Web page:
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Samsung orders repair people to grass on their customers

by on24 May 2024

In the contract

In exchange for selling them repair parts, Samsung has been demanding that independent repair shops to give Samsung the name, contact information, phone identifier, and customer complaint details of everyone who gets their phone repaired at these shops.

According to 404, it has also wanted these nominally independent shops to “immediately disassemble” any phones that customers have brought them that have been previously repaired with aftermarket or third-party parts and to “immediately notify” Samsung that the customer has used third-party parts.

 Samsung may terminate this Agreement if these terms are violated."

The contract also requires the “daily” uploading of details of every repair that an independent company does into a Samsung database called G-SPN “at the time of each repair,” which includes the customer’s address, email address, phone number, details about what is wrong with their phone, their phone’s warranty status, details of the customer’s complaint, and the device’s IMEI number, which is a unique device identifier.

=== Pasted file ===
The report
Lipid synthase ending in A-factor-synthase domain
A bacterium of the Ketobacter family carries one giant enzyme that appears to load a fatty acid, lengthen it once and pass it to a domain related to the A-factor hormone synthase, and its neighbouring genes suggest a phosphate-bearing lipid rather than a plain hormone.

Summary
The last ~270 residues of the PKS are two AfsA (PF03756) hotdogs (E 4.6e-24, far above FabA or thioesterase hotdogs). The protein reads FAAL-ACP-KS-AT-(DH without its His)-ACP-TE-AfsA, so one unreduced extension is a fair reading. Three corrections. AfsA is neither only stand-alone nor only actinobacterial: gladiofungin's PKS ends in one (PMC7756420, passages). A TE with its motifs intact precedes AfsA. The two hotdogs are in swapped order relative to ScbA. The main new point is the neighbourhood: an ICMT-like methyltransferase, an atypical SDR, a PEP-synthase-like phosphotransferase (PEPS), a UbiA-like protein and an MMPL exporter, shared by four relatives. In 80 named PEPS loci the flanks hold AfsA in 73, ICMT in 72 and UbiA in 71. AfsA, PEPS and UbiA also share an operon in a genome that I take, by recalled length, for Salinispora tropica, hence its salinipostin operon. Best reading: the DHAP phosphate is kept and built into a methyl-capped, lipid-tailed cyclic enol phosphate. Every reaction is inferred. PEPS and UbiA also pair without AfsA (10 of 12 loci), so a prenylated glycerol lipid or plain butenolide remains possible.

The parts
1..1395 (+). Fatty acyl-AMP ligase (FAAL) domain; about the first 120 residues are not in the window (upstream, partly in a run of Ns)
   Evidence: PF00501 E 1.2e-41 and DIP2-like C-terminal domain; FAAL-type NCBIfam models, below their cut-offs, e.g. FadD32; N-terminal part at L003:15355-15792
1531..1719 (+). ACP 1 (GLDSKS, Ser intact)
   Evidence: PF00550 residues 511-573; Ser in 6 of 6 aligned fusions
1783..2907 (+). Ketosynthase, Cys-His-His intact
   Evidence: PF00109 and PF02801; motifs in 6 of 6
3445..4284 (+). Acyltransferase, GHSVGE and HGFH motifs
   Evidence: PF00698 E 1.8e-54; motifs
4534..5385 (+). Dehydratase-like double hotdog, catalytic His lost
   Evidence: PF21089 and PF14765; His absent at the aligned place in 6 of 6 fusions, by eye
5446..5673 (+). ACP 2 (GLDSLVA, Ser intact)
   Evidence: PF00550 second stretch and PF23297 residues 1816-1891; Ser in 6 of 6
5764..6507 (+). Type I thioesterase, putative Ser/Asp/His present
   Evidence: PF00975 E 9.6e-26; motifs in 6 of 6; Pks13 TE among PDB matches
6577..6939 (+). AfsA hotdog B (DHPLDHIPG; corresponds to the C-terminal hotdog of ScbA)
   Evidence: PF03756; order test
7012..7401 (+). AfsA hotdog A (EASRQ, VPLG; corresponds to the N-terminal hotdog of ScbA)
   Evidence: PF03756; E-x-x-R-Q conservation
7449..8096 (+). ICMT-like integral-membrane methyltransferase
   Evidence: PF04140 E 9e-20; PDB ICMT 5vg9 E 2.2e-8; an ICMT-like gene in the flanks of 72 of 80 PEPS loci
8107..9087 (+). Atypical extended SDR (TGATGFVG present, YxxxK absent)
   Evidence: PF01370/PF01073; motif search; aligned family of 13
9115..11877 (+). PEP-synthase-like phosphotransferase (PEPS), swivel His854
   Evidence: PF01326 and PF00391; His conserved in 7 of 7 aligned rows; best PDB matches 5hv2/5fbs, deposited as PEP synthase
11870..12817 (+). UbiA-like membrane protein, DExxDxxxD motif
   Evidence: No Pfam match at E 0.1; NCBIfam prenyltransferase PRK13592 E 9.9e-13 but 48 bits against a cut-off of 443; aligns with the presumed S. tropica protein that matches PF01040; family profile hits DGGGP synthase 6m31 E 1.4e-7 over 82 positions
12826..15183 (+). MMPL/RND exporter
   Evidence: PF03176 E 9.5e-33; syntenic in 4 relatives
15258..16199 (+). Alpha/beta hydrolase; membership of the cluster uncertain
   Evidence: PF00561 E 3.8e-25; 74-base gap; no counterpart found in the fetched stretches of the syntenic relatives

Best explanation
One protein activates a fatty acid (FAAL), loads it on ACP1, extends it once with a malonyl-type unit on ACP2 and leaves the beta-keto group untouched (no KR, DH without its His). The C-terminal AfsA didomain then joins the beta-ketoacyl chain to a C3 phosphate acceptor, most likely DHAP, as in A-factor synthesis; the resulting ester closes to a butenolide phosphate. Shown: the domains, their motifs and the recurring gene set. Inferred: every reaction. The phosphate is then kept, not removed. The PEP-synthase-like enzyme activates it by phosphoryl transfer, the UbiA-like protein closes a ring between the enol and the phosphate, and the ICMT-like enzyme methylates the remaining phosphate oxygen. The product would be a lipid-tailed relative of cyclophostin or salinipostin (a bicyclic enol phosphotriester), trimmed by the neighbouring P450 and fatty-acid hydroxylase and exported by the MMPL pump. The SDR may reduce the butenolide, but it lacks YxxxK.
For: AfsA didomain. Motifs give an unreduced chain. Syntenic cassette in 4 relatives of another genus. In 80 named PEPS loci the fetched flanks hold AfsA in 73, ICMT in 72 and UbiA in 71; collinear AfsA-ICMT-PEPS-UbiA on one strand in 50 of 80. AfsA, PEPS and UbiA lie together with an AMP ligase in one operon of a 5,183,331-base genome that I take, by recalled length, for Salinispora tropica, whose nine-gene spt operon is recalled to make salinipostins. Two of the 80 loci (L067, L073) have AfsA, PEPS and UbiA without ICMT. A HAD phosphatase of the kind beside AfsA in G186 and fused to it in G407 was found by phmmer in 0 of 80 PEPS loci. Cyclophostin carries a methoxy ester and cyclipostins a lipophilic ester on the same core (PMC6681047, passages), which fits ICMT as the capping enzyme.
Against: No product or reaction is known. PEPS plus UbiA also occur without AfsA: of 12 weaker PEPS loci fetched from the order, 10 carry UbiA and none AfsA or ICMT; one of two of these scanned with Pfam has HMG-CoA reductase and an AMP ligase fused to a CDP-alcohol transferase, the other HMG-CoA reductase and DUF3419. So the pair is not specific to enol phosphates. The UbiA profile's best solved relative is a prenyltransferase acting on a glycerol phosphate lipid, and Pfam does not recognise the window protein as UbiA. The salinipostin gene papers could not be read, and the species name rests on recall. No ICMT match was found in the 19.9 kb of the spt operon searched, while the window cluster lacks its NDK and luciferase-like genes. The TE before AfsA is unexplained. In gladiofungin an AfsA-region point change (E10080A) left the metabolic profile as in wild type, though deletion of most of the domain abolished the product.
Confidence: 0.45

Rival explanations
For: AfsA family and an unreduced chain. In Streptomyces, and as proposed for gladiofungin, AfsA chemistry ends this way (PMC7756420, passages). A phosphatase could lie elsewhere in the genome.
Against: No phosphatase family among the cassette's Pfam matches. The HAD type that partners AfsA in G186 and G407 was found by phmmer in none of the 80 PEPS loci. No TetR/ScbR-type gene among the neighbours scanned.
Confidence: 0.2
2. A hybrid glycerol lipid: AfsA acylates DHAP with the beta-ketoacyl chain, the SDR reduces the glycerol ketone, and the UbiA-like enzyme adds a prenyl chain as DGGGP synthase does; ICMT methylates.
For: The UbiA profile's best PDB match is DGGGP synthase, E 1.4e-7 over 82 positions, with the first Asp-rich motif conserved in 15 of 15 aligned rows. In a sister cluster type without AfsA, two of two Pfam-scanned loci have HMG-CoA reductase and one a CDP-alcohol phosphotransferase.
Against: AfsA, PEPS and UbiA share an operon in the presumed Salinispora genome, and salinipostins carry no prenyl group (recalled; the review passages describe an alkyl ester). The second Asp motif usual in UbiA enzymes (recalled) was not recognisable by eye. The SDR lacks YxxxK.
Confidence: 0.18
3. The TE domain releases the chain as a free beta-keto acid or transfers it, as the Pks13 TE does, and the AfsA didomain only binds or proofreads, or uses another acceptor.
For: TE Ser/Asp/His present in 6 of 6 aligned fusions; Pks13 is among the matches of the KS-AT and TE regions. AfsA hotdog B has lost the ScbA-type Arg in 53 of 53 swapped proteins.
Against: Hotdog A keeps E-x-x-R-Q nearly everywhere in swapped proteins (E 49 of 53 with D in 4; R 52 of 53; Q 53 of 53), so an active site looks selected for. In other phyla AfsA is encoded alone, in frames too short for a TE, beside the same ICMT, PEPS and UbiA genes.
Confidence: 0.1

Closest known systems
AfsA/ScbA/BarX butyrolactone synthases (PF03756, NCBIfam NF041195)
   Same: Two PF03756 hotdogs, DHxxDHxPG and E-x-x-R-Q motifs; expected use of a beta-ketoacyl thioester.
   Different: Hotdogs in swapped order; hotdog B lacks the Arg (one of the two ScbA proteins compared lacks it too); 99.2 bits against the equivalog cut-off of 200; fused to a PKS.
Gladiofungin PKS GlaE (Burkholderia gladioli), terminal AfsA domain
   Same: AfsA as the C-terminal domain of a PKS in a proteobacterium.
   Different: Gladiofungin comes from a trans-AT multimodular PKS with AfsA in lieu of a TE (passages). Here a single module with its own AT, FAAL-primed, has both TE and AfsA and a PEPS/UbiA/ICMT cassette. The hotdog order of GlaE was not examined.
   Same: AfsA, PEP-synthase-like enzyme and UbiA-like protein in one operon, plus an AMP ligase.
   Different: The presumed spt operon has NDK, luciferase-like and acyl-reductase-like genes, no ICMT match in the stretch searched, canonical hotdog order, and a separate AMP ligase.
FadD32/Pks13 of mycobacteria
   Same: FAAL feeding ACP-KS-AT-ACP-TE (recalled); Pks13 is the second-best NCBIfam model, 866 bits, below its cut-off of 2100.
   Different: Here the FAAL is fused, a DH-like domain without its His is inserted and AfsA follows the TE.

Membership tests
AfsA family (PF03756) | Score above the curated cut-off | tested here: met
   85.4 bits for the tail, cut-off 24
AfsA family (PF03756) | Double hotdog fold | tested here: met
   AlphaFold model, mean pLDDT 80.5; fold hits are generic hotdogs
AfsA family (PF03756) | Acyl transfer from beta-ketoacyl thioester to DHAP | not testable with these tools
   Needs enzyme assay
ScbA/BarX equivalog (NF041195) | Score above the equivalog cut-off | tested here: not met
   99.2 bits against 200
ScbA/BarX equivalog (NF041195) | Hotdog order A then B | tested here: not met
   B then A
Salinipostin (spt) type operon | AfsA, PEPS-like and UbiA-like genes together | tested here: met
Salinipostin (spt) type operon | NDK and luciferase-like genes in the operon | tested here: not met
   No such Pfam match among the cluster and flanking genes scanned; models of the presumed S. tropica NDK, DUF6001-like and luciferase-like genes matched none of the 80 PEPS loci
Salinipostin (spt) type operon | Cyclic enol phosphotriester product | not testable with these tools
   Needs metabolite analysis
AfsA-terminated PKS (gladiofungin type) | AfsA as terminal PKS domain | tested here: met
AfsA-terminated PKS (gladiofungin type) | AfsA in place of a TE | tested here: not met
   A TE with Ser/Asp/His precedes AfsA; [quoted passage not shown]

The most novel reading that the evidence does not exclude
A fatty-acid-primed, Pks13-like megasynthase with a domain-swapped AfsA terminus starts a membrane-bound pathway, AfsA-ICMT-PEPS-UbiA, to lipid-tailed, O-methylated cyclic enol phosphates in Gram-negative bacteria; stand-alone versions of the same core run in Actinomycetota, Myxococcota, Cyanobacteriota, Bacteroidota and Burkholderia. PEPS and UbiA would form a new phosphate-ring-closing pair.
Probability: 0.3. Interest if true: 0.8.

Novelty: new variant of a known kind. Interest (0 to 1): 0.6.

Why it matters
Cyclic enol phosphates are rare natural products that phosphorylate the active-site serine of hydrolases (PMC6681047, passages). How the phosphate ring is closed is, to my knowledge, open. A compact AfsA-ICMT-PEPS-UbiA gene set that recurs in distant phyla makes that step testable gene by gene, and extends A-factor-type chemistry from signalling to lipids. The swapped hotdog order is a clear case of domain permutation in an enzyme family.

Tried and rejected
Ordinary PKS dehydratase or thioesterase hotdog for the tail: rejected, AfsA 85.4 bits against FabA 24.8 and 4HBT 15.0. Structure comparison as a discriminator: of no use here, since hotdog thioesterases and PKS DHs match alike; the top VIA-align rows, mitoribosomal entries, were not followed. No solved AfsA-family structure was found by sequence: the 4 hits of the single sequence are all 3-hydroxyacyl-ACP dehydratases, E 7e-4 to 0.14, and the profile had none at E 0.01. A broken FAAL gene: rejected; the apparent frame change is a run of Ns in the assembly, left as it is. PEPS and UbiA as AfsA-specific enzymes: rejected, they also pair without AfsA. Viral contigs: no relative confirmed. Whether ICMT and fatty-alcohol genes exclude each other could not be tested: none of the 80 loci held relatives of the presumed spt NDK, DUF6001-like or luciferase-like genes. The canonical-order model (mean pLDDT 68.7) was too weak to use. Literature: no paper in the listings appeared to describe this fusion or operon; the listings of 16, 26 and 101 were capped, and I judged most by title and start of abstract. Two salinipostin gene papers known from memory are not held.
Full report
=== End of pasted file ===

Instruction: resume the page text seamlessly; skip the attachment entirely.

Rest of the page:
404 Media has verified the authenticity of the original contract and has recreated the version embedded at the bottom of this article to protect the source. No provisions have been changed.

The use of aftermarket parts in repair is relatively common. This provision requires independent repair shops to destroy the devices of their own customers, and then to grass them up to Samsung.

Public Knowledge legal director John Bergmayer said that  Samsung might try to defend the provision about ‘Service Parts not purchased from Samsung’ requiring a phone to be destroyed as a measure to fight counterfeits.

“But the language goes beyond that significantly. Would a customer bring their phone in to be repaired only to have it destroyed? People have a right to use third-party parts under the Magnuson Moss Warranty Act, for one thing, and it's hard to square this contact language with that basic consumer right.”

It also would break aspects of European privacy law because it would mean that a client’s personal information and details about their devices are being shared with the manufacturer without their  disclosure of or consent.

What is worse is that signing this agreement does not even make a repair shop an “authorised” repair centre, which is a distinction that requires shop owners to jump through even more hoops.

Last modified on 24 May 2024
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